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Table 1 Examples of quotations, codes, categories and key concepts based on interview data

From: The family talk intervention for families when a parent is cared for in palliative care – potential effects from minor children’s perspectives

 QuotationsCodesCategoriesKey concepts
1It was a bit scary at first ‘cause it felt like... (silence) I got scared and didn’t know much about his (the father’s) illness then... I didn’t know if it was really bad cancer or... more okay cancer... so then I got scared... It was good talking to her (the interventionist) and, and lots of information... yeah, more about dad’s illness and if, y’know, if they could cure it and... and that (8–12 years old)Increased knowledge about the illnessIncreased knowledge about the illnessBringing knowledge about illness
2Or yeah, I thought the... arrangements we figured out were really good, especially everything about... school and all, that was such a relief and has helped me (13–19 years old)SchoolGetting help with support outside the familyAddressing the needs of the children
3They do things I can’t cope with, they’ve dealt with them instead of me, like getting hold of a psychologist and so on, showed me who I can turn to and stuff like that (13–19 years old)Professional conversational therapy  
4Because... like... you can talk about your thoughts and... and not just, like... ‘cause otherwise you might just walk around thinking about it a lot... and... you could just... you can just... like... I don’t know how to explain it but... (silence). I mean so you don’t just ignore it but you face it... yeah... so you aren’t just in your own little bubble if I can call it that (8–12 years old)A possibility to put words onto thoughts and feelingsGetting help to find strengths to maintain everyday life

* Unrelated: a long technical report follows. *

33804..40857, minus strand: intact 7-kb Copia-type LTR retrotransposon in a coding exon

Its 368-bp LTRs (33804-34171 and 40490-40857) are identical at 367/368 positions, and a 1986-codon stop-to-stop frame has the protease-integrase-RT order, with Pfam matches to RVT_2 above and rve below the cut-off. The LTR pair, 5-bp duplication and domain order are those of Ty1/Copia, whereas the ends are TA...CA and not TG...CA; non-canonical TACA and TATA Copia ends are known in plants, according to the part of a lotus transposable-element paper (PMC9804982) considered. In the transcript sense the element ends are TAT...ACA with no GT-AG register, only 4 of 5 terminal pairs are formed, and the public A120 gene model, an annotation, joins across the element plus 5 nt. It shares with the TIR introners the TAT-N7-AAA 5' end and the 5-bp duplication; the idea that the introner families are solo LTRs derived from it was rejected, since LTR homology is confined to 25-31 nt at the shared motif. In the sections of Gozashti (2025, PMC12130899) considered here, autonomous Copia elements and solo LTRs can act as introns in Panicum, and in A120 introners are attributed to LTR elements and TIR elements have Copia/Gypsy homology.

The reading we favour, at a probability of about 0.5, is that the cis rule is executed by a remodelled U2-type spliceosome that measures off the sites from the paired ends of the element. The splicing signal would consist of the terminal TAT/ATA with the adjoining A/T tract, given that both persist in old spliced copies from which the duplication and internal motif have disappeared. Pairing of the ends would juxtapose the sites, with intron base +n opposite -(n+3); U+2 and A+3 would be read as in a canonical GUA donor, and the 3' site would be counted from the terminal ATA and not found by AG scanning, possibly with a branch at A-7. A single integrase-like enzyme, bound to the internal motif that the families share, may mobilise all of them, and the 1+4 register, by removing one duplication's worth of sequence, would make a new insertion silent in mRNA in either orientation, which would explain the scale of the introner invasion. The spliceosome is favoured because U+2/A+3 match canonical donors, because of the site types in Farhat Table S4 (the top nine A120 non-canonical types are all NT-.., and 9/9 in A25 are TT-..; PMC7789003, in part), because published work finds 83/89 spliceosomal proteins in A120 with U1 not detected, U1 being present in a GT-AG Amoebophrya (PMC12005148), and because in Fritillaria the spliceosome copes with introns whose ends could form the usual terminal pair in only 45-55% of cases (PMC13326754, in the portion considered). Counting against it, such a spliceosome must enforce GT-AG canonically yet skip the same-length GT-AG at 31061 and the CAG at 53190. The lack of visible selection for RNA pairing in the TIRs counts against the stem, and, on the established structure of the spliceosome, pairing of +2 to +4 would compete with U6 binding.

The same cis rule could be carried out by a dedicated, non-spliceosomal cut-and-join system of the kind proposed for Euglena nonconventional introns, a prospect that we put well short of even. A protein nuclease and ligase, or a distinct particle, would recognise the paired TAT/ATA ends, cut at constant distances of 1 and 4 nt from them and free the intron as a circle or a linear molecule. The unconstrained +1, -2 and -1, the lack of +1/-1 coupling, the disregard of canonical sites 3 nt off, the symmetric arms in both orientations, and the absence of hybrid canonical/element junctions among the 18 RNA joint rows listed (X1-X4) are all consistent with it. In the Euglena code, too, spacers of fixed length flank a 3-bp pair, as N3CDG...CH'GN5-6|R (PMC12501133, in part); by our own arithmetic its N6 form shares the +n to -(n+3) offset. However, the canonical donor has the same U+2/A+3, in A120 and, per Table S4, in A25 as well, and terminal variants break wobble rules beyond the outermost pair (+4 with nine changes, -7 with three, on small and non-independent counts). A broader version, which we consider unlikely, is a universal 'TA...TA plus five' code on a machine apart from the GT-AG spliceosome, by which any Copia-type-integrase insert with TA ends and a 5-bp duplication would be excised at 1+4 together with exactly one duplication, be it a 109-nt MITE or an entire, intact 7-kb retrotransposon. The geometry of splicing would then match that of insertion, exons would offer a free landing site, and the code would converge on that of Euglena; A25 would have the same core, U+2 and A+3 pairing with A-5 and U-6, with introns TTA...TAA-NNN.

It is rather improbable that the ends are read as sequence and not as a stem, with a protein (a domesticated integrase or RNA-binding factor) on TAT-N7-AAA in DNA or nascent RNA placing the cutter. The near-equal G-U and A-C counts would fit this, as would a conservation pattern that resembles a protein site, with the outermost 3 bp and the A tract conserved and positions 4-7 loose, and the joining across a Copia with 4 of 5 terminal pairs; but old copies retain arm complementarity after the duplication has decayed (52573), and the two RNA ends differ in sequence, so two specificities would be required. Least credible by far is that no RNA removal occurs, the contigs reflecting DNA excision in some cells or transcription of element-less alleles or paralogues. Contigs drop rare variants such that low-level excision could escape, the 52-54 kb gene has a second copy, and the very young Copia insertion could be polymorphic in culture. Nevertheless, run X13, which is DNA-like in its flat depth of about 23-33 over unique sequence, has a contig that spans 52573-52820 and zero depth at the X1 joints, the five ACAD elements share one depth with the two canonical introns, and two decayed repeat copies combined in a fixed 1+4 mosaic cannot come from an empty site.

5So yeah, this is what I do about most things... things that upset me... yeah, I just try to focus on what’s good (13–19 years old)Helped to identify strengths  
6Yeah, we talked about how it’s important to still y’know... yeah but they’ve sort of given me ideas... about how you should... keep moving forward and, like, still do things and so on... yeah... (13–19 years old)The importance of continuing everyday life outside of the family  
7I guess it was so you would... so everybody would start talking to each other again... yeah, ‘cause we didn’t talk to each other a whole lot (8–12 years old)Opening up for conversation among family membersImproved or unchanged family communicationBreaking the silence together as a family
8Then we were sitting in the kitchen talking about... um... when dad... um... that time when he started coughing blood... yeah, and so it was happening while we were talking about it and then we talked about, like, what we should do if it happened again... yeah, and then we should... first of all call an ambulance (8–12 years old)Situation related to illnessPreparednessContinuing the family dialogue, moving on and facing the future
9Um... what we were talking about... um... um... what she would like to be wearing when she was buried... and, yeah, right, but... like what music and what food we should eat at the funeral and... how we should be dressed and so on... so it was like mostly that stuff, um... yeah, but... (sighs) I mean... it felt good... like we had everything under control... or not everything, but... most things... (8–12 years old)
That was I guess we went through your will and a bit about your funeral and how you want that to be (13–19 years old)
Funeral and will  
10Um... ‘cause if you start talking late (the interviewer has asked if FTI came at the right time) then maybe you’re sort of a bit more prepared, you might say... for what’s going to happen... (8–12 years old)Death  
11But me, I notice we’ve started cleaning up more and so on... we already knew how but it wasn’t something we had to do... back then a few years ago, but now we have to... now, when it’s messy we have to clean up (8–12 years old)
And we talked about Dad’s sickness and things we divided up that we had to do at our house so it wouldn’t be too much stuff for Dad that he usually did or if he got mad if he had to do things he didn’t want to do so we made a schedule — Yeah really! (8–12 years old)
Helping more with household choresContinuing everyday life with the family 
12That we got to talk to each other... and maybe... yeah, not just talking but being together (8–12 years old)Starting to spend more time together  
13But then they gave us tips about... that we should go out for walks and talk (13–19 years old)How to integrate communication in everyday life